the United States with no seeming ability to stop them. And we heard the case of a child survivor in Uvalde, Texas. I wonder whether that plays into

your mind when you think about the ballad that you have just written for world peace.

BRYAN ADAMS, SINGER: Well, I was listening to the program just before and I'm obviously enormously sad and I feel great pathos for the families that

had to endure this. And -- but I feel the same for the people that are victims of war.


And I've -- you know, I've been writing songs on and off about this for decades now and it just seems that, you know, when I -- after the '80s,

there just seemed to be a time where we were just literally rolling from one war to the next. And I wrote this song called "What If There Were No

Sides At All." I wrote this a few years ago and just didn't know quite when the best time to put it out would be. And so, I put it out now as I feel

this -- as we start rolling into another whole set of conflicts.

AMANPOUR: I'm going to play -- you know, play a clip from it, because it is very evocative and I think your message definitely gets through. So, let's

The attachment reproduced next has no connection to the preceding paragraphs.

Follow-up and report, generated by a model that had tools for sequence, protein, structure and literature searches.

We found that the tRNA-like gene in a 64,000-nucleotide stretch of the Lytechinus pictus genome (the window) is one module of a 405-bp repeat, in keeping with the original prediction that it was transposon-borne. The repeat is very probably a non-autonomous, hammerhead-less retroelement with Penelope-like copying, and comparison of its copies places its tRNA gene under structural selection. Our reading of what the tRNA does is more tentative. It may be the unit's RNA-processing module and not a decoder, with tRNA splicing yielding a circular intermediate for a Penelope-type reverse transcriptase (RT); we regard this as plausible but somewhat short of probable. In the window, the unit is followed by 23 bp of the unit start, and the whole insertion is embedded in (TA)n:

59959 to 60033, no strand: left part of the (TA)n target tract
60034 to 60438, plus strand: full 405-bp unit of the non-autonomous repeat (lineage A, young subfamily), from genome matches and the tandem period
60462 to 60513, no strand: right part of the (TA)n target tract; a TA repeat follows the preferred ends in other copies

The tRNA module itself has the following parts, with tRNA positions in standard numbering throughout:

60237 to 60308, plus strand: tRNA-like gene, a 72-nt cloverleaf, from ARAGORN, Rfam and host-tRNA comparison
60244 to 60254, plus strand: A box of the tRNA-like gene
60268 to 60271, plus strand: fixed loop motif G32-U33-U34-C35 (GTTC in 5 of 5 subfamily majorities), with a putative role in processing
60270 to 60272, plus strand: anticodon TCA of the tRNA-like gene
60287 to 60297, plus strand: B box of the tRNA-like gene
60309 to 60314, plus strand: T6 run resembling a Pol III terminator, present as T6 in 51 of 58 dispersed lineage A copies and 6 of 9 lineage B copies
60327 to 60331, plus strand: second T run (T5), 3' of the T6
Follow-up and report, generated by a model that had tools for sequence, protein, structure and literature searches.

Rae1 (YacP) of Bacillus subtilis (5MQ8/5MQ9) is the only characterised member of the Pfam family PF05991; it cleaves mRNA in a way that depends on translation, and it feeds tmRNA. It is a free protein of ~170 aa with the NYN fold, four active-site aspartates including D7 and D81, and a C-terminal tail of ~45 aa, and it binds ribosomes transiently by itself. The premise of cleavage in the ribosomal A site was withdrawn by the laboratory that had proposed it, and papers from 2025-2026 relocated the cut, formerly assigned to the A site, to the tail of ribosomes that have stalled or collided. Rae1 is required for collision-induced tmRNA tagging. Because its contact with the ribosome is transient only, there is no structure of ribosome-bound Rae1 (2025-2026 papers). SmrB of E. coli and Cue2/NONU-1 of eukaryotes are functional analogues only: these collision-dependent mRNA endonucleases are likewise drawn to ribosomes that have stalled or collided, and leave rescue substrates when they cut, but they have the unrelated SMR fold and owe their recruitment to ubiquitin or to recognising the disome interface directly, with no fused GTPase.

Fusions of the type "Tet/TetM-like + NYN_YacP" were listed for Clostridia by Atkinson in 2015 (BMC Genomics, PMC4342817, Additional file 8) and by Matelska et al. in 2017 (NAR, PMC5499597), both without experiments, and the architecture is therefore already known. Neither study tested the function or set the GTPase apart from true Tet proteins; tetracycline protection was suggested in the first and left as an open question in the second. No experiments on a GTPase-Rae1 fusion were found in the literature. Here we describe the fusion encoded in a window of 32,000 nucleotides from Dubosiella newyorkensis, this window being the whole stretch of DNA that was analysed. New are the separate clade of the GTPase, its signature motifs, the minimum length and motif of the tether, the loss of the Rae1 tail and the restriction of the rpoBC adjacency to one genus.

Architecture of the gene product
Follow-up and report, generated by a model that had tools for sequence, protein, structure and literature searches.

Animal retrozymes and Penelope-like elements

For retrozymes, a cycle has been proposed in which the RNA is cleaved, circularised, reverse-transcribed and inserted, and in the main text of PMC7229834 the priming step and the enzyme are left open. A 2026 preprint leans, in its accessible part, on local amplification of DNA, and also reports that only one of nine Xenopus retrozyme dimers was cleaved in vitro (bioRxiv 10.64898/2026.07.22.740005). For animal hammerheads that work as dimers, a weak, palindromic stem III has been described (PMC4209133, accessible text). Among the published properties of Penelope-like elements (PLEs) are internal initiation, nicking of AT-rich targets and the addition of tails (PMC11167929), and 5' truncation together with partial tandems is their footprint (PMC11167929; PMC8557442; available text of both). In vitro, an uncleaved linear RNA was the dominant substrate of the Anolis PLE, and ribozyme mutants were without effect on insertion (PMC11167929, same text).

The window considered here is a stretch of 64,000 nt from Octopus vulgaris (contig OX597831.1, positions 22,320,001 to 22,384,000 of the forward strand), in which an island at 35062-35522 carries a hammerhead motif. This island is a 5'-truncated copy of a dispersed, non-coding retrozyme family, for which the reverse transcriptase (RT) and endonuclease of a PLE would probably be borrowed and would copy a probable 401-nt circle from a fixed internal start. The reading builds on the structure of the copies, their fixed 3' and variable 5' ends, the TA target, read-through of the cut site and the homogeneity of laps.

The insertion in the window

play a clip of "What If There Were No Sides At All."


ADAMS: What if there were no sides at all? What if there were no sides at all? Just a big blue ball floating in space. It's a beautiful world but a

dangerous place.


AMANPOUR: So, you said that you wrote it a few years ago. What was the underlying, you know, war that you were reflecting on at that time? Now, we

know it's the terrible war that Russia has unleashed on Ukraine.

ADAMS: I wasn't -- at the time, I think what I might have been thinking were the various conflicts at the time, whether they'd be Iraq, Gaza,

Afghanistan. I mean, as you may or may not know, I did a book on wounded soldiers called "War: The Legacy -- " sorry, "Wounded: The Legacy of War,"

which was soldiers that had come back from Iraq and Afghanistan.

But I was thinking about my father a lot because my father was a British -- in the British army, as were many of my family, my grandfathers. And my

father ended up being a U.N. peacekeeper observer for the India-Pakistan war in the 1960s. And my mother and I talk about it now and we talk about

how he came back a different person from that conflict.

And a different -- difficult for an officer who was -- you know, graduated at Sandhurst to become peacekeeping observer because you don't have the

opportunity to use the skills you were taught as a military man.

And so, when I think about him and I think about what he endured -- and at the time, PTSD didn't exist. We didn't know -- there was no labeling for it

at the time. And so, we knew that he had changed but we didn't know why or what happened.